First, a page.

Rising inequality in China

19 August 2014
Sid Zoichi

During the Chinese winter of 2010-11, I stayed in Changsha, capital of Hunan province, for a couple of months. All the problems of Chinese capitalist development were on full display.

The city is often referred to as “the capital of entertainment” due to its florescent media industry. Downtown Changsha is sleepless. Splendid neon lights shine from dusk till dawn. Shops, cinemas, restaurants and karaoke houses abound.

Walking these magnificent streets, you encounter a beggar or a homeless person every 10 metres. Three-year-old children grab the legs of passers-by for change, primary school-aged kids peddle flowers to couples, and old people in shabby clothes kneel on the cold pavement trembling. Beside them, rich people get out of their luxurious cars and step into the fancy clubs.

The scenes reminded me of the words of a famous poem by Du Fu of the Tang dynasty, which was written more than a thousand years ago: “Behind the vermilion gates meat and liquor go to waste, while out on the road lie the bones of those frozen to death.”

After three decades of uninterrupted high-speed economic growth, China’s inequality is only increasing.

To justify the embrace of market capitalism, Deng Xiaoping, the “chief architect of China’s reform and opening-up”, famously claimed in the 1990s: “We should allow some people and some regions to get rich first, then let the rich help the poor, so as to gradually achieve common prosperity.”

China’s Gini coefficient of wealth (a measure of inequality: 0 would represent perfect equality; 1 would indicate all wealth in the hands of one person) rose from 0.3 in 1980 to 0.55 in 2010, making Deng’s rhetoric a total joke.

Even the government-controlled Academy of Social Sciences admitted in a recent report that the top 1 percent of households own one-third of total assets in China. The bottom 25 percent of households own only 1 percent of all assets.

The non-government National Economic Research Institute believes that the gap is much larger than that, because the official figures do not calculate the so-called “grey income” of rich households, such as government officials’ wealth gained through corruption.

The case of Zhou Yongkang reveals only a tip of the iceberg of this hidden “grey income”. Zhou was formerly the head of China’s secret police and a member of the previous Central Committee Politburo Standing Committee (China’s top leadership usually consists of fewer than 10 members).

After internal power struggles in the ruling circles, he was abandoned by the Communist Party last year. Subsequently, a Hong Kong source exposed that the Chinese government had confiscated more than RMB100 billion (around $17.5 billion) in assets from Zhou and his close confidants.

Instead of helping the poor to “achieve common prosperity”, those who have been allowed to get rich first are more willing to give a big slice of cake to powerful party officials such as Zhou. In return, the officials implement economic policies that favour the bosses, ignore the appeals from the poor and direct the forces of state violence to repress the revolts of workers and peasants.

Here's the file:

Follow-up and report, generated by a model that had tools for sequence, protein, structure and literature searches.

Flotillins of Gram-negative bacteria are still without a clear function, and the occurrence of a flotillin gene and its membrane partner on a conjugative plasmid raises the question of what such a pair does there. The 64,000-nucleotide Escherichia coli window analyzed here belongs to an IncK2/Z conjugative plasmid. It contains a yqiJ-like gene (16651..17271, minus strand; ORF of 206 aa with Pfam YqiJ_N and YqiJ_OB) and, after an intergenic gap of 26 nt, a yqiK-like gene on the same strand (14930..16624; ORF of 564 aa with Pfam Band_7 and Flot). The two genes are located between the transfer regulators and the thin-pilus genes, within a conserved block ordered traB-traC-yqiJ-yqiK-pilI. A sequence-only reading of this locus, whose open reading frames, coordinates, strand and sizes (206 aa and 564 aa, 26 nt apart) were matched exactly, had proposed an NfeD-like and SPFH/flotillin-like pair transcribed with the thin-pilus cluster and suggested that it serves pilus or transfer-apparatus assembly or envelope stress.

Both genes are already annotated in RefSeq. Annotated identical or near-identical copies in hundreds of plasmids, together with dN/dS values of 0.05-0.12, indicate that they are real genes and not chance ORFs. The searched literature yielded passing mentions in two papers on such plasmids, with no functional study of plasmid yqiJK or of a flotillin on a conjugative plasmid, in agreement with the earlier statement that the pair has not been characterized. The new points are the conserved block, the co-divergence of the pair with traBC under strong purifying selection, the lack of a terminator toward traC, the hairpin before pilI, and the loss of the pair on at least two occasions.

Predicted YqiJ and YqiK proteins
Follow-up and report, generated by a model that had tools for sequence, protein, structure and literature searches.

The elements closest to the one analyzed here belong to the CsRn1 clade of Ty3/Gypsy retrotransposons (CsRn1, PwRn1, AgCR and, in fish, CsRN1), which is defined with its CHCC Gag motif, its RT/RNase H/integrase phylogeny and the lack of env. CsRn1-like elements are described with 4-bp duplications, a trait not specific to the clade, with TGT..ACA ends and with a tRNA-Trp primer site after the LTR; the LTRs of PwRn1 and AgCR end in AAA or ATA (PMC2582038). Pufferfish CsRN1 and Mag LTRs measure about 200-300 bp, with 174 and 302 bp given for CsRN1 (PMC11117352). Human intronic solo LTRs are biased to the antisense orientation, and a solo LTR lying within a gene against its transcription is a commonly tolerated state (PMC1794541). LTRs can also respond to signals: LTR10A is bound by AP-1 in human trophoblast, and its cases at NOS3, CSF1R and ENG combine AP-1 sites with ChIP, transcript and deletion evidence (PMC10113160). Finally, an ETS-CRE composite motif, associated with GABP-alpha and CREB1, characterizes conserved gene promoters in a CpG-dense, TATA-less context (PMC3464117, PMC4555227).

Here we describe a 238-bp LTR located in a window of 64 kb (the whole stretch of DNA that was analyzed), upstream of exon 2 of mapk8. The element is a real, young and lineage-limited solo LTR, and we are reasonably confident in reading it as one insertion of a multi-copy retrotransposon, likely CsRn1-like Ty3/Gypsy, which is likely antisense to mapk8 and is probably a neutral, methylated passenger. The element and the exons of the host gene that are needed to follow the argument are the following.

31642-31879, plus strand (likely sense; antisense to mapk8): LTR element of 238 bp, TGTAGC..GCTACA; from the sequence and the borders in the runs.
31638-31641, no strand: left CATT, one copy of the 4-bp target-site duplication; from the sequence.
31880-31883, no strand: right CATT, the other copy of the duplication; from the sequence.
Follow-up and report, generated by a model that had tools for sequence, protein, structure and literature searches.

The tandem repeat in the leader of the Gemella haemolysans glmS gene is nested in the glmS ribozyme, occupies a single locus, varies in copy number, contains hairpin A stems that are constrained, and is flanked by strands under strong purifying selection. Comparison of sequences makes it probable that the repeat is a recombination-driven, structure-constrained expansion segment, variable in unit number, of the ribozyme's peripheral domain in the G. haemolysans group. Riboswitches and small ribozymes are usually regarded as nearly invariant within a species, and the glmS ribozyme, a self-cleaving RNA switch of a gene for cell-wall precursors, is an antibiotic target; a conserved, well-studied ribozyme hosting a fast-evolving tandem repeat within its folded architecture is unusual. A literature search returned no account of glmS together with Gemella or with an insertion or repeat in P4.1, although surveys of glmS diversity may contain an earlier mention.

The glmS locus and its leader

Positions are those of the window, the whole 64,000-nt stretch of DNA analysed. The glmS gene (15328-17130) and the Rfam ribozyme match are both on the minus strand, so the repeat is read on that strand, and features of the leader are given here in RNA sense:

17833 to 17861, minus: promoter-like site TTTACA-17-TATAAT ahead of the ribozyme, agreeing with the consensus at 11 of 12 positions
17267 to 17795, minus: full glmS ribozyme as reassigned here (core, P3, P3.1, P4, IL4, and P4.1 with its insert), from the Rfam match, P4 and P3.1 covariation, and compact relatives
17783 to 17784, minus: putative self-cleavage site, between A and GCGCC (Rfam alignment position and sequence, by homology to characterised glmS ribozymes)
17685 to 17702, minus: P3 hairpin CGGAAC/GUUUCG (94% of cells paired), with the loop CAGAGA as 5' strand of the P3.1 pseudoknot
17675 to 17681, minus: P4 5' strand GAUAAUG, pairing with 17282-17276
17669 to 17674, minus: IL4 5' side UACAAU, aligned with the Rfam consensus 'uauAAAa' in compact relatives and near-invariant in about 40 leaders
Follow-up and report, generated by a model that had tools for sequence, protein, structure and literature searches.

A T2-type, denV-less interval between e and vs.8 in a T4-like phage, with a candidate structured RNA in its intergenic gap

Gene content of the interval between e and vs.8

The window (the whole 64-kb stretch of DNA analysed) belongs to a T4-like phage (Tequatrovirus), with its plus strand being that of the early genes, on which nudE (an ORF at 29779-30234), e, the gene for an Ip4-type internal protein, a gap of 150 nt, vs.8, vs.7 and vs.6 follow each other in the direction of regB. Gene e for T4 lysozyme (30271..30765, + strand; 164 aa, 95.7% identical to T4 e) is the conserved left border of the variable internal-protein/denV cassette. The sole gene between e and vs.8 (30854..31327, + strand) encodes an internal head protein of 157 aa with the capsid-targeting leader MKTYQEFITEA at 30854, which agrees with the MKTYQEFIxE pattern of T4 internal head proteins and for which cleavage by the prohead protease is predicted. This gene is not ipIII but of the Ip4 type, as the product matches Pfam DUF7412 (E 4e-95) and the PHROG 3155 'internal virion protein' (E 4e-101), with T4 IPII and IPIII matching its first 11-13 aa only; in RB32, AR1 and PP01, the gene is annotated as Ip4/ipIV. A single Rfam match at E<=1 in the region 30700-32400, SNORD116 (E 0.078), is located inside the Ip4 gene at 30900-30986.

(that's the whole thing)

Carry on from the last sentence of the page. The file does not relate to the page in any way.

On 2 August, a grievous dust explosion occurred in a metal products factory in Kunshan, killing more than 70 workers. The company had refused to install de-dusting equipment – a refusal indulged by the government’s supervisory institutions.

Disgustingly, the local government has an advertising slogan that says, literally: “The people of Kunshan welcome your investments; the higher your exploitation rates are, the more delighted we shall be.” In this slogan lies the cause of China’s rising inequality.

Having grown up in the city, I have little first-hand knowledge of China’s rural areas. However, the poverty of the rural population is one of the most important factors contributing to inequality.

Research conducted by Wuhan University sociologist Liu Yanwu highlights a shocking picture of life for the rural poor. In some villages investigated by Liu’s team, more than 30 percent of the deaths of elderly people are the result of suicide. They do not want to become economic burdens on their children, who usually are migrant workers in the cities.

The recently established rural pension system provides only a pitiful monthly payment of RMB55 (less than $10). Once struck by serious illness, the elderly rural poor normally cannot afford medical treatment. Suffering from the illnesses and unwillingness to bother their struggling children make suicide seem the only solution in many cases.

Such devastating inequality inevitably breeds desperate resistance. That’s why there have been massive factory strikes of up to 50,000 workers, riot-like environmental protests lasting for days and battles between militarised police and villagers armed only with shovels.

Many of the poor in China have realised that neither the rich nor the government will help them to achieve common prosperity. Thus the only way to make their lives better is through collective struggle.

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